Unisys files new protest over lucrative TSA infrastructure contract

Unisys has filed another protest of the TSA Information Technology Infrastructure Program contract, but no one is talking. Editor-in-chief Nick Wakeman is wondering why.

Something is brewing again with the Transportation Security Administration’s Information Technology Infrastructure Program contract.

Only I can’t tell exactly what.

Last Friday (Feb. 19), Unisys Corp. filed another protest with the Government Accountability Office over the awarding of the ITIP contract to Computer Sciences Corp.

According to Unisys’ statement, “We believe that the TSA has failed to act in accordance with the GAO recommendations of January 20, 2010.”

Otherwise, Unisys is saying they cannot comment.

Apparently, TSA has taken some sort of action since GAO on Jan. 20 sustained the protests by Unisys and General Dynamics.

In the Jan. 20 ruling, GAO recommended that TSA restart the competition. Remember this is a contract that has been in the works for several years and has gone through earlier rounds of protests, namely by Unisys, the incumbent. The contract has been worth over $1 billion to Unisys and going forward is valued at $500 million over five years to run TSA's IT infrastructure.

Only the recommendation page from GAO’s January decision has been released. It notes that Unisys and GD were not fully informed about the basis for preparing pricing proposals in terms of the incentive fee. GD also was misled about its proposal page and the section relating to risk.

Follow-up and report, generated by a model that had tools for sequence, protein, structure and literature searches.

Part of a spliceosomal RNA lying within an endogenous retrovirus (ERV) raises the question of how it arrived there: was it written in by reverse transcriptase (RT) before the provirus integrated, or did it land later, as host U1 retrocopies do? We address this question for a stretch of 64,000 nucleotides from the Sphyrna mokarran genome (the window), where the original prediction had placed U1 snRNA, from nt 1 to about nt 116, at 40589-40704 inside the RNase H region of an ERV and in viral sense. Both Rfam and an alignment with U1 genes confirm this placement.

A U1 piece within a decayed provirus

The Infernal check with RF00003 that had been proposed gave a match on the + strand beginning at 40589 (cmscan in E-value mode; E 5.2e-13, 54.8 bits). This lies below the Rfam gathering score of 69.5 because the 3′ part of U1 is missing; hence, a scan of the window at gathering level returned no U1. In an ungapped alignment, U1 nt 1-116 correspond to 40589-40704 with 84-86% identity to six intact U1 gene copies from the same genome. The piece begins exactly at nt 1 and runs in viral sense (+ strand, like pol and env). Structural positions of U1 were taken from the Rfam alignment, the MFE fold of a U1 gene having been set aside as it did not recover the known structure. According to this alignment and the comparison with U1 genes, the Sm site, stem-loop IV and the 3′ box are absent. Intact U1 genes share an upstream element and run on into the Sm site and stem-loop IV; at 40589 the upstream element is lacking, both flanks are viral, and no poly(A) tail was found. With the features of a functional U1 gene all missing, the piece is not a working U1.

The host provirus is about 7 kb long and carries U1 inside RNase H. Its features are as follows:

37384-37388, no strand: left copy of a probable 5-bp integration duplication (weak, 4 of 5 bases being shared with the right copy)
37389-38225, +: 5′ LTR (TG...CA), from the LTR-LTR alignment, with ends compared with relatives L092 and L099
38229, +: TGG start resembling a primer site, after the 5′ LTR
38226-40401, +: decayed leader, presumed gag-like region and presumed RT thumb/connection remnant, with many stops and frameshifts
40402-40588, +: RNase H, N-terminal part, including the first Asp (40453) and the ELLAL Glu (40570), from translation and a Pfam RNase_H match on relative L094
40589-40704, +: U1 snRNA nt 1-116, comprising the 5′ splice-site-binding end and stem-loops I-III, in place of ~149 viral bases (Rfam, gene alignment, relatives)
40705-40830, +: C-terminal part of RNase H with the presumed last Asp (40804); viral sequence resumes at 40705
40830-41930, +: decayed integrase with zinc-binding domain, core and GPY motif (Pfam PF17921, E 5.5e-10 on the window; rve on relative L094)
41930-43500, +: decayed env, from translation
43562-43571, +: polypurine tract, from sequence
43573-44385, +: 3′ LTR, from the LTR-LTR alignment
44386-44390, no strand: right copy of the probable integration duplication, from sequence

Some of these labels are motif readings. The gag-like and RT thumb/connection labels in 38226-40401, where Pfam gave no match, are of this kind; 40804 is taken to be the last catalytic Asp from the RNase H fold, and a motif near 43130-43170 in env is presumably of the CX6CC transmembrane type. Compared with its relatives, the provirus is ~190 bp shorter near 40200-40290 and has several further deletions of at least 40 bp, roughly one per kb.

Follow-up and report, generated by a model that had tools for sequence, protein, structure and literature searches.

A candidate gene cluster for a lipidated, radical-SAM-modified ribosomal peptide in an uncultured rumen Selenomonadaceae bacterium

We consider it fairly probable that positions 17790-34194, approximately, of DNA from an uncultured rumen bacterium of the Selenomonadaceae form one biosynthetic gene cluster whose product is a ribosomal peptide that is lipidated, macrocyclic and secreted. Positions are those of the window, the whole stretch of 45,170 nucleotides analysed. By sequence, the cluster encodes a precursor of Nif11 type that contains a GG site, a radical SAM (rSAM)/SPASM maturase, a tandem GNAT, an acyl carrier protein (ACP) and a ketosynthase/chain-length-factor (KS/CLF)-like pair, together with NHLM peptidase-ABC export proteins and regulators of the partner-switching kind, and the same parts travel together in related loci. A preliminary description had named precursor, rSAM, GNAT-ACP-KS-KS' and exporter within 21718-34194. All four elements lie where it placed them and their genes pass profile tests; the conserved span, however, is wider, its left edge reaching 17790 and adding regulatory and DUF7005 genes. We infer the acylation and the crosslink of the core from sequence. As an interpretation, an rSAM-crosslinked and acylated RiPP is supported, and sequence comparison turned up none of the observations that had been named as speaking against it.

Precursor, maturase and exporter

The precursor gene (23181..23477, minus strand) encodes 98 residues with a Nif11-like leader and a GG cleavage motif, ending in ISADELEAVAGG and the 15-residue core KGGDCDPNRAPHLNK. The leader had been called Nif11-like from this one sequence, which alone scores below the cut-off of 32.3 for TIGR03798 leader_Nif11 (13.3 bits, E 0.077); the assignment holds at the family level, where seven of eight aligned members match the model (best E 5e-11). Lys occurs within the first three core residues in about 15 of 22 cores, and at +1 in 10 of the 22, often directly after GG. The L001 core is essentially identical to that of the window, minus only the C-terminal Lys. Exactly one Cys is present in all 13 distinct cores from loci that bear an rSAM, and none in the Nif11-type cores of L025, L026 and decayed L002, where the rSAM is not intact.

My question this time though is what action did TSA take after Jan. 20 to trigger Unisys’ latest protest?

So far TSA hasn’t responded to my inquiries. And GAO can’t comment because it is a pending protest. Their decision on the latest protest isn’t due until May 28.

CSC also has been quiet. They are only saying that they are continuing under a "stop work mode awaiting direction from the government." Though, I’m sure they are biting their tongues.

In the meantime, Unisys continues to work under the contract it won in 2002.

And I’m left scratching my head. I’ll keep after TSA, but if anyone has any suggestions or other insights into what’s happening with this contract, please let me know.